Been there, done that; is the local dining scene getting stale? If
you're tired of seeing the same menus, and faces, try the nearest beer
garden for a change
Photo by: Heng chivoan
A worker at the Sovan beer garden grills beef Sunday in preparation for the night's customers.
The beer garden is a stable Khmer dining experience, but doesn't have to be the booze-soaked lech-fest that many people perceive it to be. A night out at the local joint is a great way to get to know the neighbourhood and some of the people living in it.
HAVE you ever been to Red Cow? How about XMen? (Both on the corner of Street 51 and Sihanouk Boulevard) How about Reatrey Soksan on Street 360?
For the foreigner in Phnom Penh the beer-garden scene is a whole new dimension to getting out and about.
There are clusters of beer gardens in both streets 484 and 360 west of Monivong Boulevard. For the upmarket experience (or for those who get jumpy out of BKK1) there's a new place in the garden of a villa on Street 51 at the corner of Street 352.
Another Street 51 favourite is Independence Monument (but the sign's only in Khmer) on the corner of 51 and 282. This one opens early as it''s also a carwash so you can have two authentic Phnom Penh experiences at the same time!
Beer gardens are cheap, a jug of beer is usually 12,000 riels (US$3), and a large bottle of beer is about the same. Don't drink beer? There's usually a selection of softies, some rather bizarre ones can be found out there. You're a wine drinker? Well look at where you are ... is it called a wine garden?
No, these places are male-friendly, noisy and often pretty dirty ... but they're a lot of fun. They're also a great place to improve your Khmer and get a taste of how Cambodians enjoy themselves.
The food is generally pretty simple, grilled and fried things mostly. My favourite is the ‘phnom pleung' - a gas ring with a dome-shaped hotplate sitting on top. You get either a plate of beef (with a raw egg) or seafood as well as lots of veggies and a bowl of what is called butter
- but is actually margarine. Then you proceed to fry everything yourself.
...THE BEER-GARDEN SCENE IS A WHOLE NEW DIMENSION TO GETTING OUT AND ABOUT.
However there's always a trail of hawkers coming through though, so if you fancy a toasted snake, a bag of crickets in fish sauce or some steamed peanuts in the shell with your beer you're in luck.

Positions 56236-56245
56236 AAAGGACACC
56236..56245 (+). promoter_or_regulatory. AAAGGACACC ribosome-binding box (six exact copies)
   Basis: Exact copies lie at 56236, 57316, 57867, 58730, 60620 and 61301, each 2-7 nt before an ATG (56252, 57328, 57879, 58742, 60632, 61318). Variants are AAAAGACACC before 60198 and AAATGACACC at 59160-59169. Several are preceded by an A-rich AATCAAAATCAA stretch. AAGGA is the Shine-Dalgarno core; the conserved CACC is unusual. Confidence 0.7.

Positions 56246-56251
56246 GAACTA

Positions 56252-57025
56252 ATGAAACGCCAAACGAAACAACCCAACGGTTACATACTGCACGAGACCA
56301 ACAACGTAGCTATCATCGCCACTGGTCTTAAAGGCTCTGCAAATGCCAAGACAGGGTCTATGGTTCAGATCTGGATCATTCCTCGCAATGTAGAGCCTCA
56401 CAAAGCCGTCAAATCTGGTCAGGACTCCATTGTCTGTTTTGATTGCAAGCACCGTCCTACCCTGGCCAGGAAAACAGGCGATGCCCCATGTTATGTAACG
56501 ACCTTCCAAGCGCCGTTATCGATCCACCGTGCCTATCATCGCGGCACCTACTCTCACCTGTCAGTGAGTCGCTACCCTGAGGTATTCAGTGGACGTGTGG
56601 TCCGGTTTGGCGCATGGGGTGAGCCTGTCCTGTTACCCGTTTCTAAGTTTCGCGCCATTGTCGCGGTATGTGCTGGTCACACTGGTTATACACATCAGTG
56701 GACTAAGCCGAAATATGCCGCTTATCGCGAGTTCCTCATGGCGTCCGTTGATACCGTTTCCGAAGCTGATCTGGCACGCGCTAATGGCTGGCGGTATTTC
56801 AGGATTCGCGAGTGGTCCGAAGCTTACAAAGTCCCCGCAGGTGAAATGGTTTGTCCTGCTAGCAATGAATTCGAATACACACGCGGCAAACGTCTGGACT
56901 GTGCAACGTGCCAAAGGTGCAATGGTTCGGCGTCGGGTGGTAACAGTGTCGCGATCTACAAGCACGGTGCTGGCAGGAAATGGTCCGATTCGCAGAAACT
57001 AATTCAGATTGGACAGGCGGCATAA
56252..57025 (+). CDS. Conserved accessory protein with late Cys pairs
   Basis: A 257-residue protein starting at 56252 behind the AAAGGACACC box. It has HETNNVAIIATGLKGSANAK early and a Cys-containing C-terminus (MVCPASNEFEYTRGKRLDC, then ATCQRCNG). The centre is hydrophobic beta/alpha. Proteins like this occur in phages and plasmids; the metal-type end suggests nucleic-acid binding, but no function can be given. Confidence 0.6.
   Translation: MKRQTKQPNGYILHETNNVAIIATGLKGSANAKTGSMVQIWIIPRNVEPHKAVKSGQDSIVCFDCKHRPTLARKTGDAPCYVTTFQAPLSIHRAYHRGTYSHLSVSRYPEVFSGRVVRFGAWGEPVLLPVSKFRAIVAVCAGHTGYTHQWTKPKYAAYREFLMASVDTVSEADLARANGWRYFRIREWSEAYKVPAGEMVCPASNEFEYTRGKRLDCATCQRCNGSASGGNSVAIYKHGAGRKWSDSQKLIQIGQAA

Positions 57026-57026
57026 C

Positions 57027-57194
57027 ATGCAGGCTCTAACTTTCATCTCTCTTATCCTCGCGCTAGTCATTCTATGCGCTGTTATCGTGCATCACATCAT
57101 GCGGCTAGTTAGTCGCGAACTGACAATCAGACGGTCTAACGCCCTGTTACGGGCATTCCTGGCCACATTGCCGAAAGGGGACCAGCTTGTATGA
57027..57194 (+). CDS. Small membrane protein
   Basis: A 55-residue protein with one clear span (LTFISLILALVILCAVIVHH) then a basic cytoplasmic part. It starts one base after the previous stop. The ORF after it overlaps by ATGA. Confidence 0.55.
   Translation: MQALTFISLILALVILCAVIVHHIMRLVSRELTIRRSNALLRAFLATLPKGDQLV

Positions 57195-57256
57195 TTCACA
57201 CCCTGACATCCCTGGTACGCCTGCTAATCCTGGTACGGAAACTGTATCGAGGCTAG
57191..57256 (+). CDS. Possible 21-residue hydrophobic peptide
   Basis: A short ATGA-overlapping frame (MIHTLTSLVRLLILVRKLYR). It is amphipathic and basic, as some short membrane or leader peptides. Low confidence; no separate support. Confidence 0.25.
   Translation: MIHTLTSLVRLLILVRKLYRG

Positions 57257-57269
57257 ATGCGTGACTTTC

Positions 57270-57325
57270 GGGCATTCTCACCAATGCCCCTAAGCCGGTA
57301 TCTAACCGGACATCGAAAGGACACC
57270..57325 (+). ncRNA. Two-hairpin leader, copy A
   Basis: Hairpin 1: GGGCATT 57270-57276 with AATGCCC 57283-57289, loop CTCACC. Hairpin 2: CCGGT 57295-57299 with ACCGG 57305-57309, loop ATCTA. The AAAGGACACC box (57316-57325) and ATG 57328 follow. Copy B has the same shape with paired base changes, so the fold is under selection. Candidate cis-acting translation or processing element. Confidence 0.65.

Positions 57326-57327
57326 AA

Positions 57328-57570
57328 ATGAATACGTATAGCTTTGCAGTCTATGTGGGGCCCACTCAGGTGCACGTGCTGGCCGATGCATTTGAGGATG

A lot of foreigners have problems with the "ice in beer" issue. As all the bottled beer is served warm you have to ask for an ice-bucket, so do you drink the first bottles warm or do you take ice?
Some believe that any ice is too much ice. I'm of the opinion that if you're planning a long session then ice in the beer is fine as it stops you getting wasted fast.
On the other hand, you can order jugs - or even towers. If you know you're going to do some serious drinking, particularly in a group then a tower is best - it stays cool and there's ice inside it.
Upmarket beer gardens have music, usually an electric pianist and singers. Some offer you the chance to sing too, but the English song-menu is pretty limited. You can request Khmer songs but you're expected to tip, and generally the standard of singing is pretty high.
It's not like private karaoke where anything goes, this is performance karaoke where a good voice counts for more than raw enthusiasm.
All beer gardens have beer girls who, well, they sell beer. The good saleswomen sits at tables and eggs on her customers to drink more and subsequently buy more from her.
As their monthly salary is around $35 they really need to push up sales as they earn a tiny commission on each bottle.
There's an unwritten understanding that you're not going to chop and change your brands during the evening - that's why there's a flurry of beer girls when you arrive, each showing you the laminated card of her brand and each basically wanting you to be her customer for the evening. She'll top up your glass and make sure that your orders are taken and dealt with.
Meanwhile there are also captains or floor managers around who are also willing to sit at your table for a chat, and the owner is also usually somewhere around.
None of this means you're obliged to entertain anyone, they just want to get to know their customers better to provide a better service, and practise their English at the same time.
Like anywhere, if you go back more than a couple of times you'll be treated better and better, though you may still be expected to buy beer from the same girl you bought from on your first visit.
So, despite the litter of tissues everywhere, the often unspeakable restrooms and the ubiquitous plastic chairs and wobbly folding tables, beer gardens are a great way to spend an authentic Cambodian evening in Phnom Penh.